This is why Bertrand Russell ridiculed that religion is nothing more than an emotional crutch. However, simple folk like my father do exist by the millions for whom while religion is indeed an emotional crutch in moments of great despair and also a source of great succor giving hope when none need exist, like when cancer was spreading through his body. While the world appears spinning out of control a belief that some cosmic justice would eventually prevail is irrational but it does provide hope, however irrational its basis maybe. That is what the Dhinakarans of the world capitalize on.

Dhinakaran went around claiming an ability to prophesy. His powers apparently failed him on a fateful day when his family met with a very tragic accident that claimed the life of his teenage daughter. Apologies for citing a tragic incident to drive home a point but it best illustrates the fraud that is being peddled.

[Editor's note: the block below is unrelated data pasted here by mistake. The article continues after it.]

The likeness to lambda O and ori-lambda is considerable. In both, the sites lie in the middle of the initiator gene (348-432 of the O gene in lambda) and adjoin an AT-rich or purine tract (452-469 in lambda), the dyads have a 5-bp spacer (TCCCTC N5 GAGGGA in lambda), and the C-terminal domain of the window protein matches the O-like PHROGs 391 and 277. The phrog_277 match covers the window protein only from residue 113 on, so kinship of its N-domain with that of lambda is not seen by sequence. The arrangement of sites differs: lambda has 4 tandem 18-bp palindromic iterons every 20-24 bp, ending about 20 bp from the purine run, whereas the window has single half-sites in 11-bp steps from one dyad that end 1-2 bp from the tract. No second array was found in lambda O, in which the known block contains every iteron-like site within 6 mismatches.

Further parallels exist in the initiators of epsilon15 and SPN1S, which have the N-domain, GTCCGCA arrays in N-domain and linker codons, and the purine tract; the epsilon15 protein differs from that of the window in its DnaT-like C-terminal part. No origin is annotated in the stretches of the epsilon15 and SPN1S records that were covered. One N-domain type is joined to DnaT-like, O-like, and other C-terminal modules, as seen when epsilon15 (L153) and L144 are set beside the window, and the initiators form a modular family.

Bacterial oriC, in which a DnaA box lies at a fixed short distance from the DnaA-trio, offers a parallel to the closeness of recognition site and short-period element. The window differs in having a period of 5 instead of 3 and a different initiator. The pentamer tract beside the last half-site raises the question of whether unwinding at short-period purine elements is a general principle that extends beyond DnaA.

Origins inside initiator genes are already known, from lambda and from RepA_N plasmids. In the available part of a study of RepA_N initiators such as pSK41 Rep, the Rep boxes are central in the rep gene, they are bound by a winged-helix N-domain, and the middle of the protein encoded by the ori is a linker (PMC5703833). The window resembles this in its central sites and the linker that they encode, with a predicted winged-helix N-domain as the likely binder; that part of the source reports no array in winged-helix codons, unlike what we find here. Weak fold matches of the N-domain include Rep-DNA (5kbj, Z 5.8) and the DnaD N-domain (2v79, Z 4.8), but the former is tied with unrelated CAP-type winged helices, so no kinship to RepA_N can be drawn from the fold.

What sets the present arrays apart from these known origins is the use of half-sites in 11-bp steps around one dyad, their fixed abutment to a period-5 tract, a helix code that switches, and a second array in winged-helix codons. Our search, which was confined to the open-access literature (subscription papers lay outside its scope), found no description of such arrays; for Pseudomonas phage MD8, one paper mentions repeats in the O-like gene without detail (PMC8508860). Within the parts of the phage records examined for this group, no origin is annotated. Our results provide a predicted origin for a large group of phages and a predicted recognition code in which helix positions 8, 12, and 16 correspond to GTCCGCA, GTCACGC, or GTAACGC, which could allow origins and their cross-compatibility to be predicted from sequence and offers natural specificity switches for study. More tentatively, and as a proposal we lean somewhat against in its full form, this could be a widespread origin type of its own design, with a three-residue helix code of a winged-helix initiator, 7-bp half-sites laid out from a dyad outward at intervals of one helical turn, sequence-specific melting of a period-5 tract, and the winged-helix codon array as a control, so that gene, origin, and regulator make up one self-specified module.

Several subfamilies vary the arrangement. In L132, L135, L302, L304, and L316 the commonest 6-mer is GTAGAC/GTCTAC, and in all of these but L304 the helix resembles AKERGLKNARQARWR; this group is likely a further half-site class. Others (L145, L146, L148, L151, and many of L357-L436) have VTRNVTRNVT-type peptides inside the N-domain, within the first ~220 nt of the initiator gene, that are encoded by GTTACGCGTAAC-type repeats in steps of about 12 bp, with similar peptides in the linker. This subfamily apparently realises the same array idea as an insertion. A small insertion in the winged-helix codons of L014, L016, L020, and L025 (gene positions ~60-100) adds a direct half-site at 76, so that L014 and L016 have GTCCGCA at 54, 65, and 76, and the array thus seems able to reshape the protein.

Another group that my father could stand very little of was the Pentecostal group. Absolute fanatics. Complete blind followers who make it their life's mission to not only destroy happiness in their lives but to do so to everyone in their orbit. Nothing has probably caused more misery in the world to others and been injurious to Christianity itself than the Biblical verse calling forth its adherents to 'go spread the word'. It is a shameful fact that many Christians look at others not as human beings but as prospective Christians.

I completely abhor the idea of minority run institutions being afforded special exemptions. Whether it is Catholic institutions in America that want exemptions from being required to provide family planning in their health care plans to educational and other institutions in India that use the minority label to carve out niche exemptions under the law. I've serious concerns about Uniform Civil Code and that's a debate for a different day.